A most unique block on 70th Road between Austin Street and Queens Boulevard is nicknamed “Restaurant Row” for its sidewalk cafes. However, the clock may be ticking for this strip of popular and culturally diverse restaurants in the heart of the neighborhood's business district.
Last week, a rendering surfaced showing a mixed-use residential tower at 107-18 70th Road designed by Morali Architects. Immediately thereafter, a petition urging Community Board 6 to save Restaurant Row on Change.org garnered 1,545 signatures in support.
If the rendering becomes reality, the future of The Grill, Cabana Restaurant & Bar, MoCa Asian Bistro, and Bangkok Cuisine is in jeopardy. The block also consists of Aged Restaurant & Bar, Narita Japanese Cuisine, and Vanilla Sky, which may not be affected by the plan.
At a February 10th CB6 meeting, attorney Adam Rothkrug presented the plans on behalf of the developer. Currently, the property is zoned C4-4A, which permits a seven-story residential building with commercial space on the ground level. However, the developer is seeking a special permit from CB6 for the right to build up to 12 stories, claiming that the benefits would be a green roof and over 60 parking spaces.
“At the outset, I want to say that my office is committed towards preserving Restaurant Row,” Councilwoman Karen Koslowitz said in an interview. “I and the rest of the community would like the existing restaurants preserved during construction. This would add to the cost of the project, but if it is physically possible, and I am not an engineer, I want to work with the developer to achieve this.”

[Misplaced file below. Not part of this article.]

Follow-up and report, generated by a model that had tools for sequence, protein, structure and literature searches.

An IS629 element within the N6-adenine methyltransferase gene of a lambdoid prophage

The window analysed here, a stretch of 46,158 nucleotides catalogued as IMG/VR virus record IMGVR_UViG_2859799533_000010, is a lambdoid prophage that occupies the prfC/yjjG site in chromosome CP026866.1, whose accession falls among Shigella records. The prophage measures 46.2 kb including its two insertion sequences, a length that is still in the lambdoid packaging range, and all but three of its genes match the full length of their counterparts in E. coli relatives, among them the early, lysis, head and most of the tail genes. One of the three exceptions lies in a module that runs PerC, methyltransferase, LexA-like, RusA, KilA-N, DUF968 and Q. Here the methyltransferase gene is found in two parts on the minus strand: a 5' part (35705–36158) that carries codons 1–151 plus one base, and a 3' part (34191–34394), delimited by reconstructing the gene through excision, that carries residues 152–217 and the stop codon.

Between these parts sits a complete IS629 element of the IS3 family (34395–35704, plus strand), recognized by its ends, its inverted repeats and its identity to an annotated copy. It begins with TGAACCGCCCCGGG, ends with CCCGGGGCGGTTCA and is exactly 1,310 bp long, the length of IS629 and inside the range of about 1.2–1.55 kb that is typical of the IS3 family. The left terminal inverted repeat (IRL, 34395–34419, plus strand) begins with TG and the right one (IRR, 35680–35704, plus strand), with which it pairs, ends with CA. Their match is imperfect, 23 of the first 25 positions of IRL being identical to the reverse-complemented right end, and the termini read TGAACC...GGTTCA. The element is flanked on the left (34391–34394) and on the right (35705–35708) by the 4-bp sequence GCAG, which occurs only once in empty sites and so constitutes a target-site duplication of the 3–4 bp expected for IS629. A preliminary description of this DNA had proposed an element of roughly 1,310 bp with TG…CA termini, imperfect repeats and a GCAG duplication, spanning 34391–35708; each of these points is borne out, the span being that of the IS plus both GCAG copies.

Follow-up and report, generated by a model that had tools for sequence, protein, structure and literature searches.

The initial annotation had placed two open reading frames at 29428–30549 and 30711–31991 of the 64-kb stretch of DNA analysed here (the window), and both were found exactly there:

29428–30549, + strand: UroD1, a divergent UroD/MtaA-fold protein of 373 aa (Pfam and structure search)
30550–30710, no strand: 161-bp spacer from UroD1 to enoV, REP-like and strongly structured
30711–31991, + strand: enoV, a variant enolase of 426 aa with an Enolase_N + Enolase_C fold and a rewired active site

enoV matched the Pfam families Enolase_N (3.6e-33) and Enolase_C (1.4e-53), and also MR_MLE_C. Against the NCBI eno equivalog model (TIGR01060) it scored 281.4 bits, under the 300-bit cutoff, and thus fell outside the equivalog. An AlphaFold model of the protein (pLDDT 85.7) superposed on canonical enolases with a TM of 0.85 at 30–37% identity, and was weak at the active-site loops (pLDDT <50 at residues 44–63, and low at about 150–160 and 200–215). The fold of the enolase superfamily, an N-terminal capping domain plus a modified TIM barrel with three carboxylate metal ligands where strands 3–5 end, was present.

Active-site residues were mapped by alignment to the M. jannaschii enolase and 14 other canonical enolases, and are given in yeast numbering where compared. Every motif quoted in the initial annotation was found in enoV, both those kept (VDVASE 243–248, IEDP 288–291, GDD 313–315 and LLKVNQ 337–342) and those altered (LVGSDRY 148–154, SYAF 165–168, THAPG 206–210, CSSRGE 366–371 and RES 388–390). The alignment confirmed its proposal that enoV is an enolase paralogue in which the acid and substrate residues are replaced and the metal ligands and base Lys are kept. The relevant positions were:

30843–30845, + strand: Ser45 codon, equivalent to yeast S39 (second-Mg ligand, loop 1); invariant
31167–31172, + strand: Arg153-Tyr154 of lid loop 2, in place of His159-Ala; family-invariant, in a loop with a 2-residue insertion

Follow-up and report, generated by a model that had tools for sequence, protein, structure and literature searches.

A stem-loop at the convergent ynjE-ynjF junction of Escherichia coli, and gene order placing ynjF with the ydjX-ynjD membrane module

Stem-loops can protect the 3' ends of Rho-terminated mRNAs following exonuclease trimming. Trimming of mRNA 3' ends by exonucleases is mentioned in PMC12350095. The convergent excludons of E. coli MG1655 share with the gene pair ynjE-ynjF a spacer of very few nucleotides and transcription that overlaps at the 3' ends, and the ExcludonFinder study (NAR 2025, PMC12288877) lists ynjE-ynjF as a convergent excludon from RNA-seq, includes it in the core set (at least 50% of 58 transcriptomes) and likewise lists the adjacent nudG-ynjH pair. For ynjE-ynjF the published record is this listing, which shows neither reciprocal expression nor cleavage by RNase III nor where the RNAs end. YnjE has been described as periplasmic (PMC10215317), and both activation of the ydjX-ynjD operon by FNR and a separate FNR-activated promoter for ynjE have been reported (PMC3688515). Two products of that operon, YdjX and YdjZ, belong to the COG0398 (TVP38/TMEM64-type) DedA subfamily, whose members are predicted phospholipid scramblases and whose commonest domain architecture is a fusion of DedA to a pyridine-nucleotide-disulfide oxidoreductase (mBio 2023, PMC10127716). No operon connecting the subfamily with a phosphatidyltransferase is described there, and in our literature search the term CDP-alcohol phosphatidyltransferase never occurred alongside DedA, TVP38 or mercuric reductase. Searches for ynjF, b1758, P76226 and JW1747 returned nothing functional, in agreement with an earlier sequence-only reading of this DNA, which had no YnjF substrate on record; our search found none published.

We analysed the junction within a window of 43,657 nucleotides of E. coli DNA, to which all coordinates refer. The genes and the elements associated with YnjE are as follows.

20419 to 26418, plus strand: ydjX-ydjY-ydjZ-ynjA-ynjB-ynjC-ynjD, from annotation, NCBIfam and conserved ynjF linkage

The Grill owner Oleg Kaz spoke at the CB6 meeting to a huge round of applause.
“I plan to fight until the end to preserve the famous Restaurant Row of Forest Hills and keep Forest Hills unique,” he said.
The Grill opened two years ago, and the Mediterranean restaurant is a big part of the summer jazz festivals on Restaurant Row.
“The developers and landlords do not care that each restaurant has invested hundreds of thousands of dollars, which is their life savings into these small businesses,” he added. “Each owner and employee has a family and kids to provide for.”
Also working to preserve Restaurant Row is Walter Weis, president of Lane Towers co-op board.
“The restaurants not only bring a variety of ethnic foods, but a charm to the community which chain stores cannot,” he said. “Community Board 6 members need to know that if they vote for the variance, that they do not have the support of the community.”
Restaurant Row is a one-of-a-kind block, according to Forest Hills resident M. Cheng, who started the online petition.
“Throughout the year, the restaurants and outdoor cafes are bustling with friends, family, and neighbors enjoying a delicious meal,” she said. “Its destruction would also threaten the success of all local businesses and the neighborhood’s integrity.”
David Li and his family are Restaurant Row regulars.
“Taking away Restaurant Row will eliminate the center of the Forest Hills culinary experience and a major reason why Queens residents come to Forest Hills, especially now with Barnes & Noble gone,” he said.
Forest Hills resident Beatriz Rodriguez questioned whether the developer understands the concept of “livelihood.”
“Another apartment building doesn’t benefit the area,” she said. “Closing a restaurant or any small business for even a month is a death sentence to a small business owner, who is a real person creating jobs and providing services for the area.”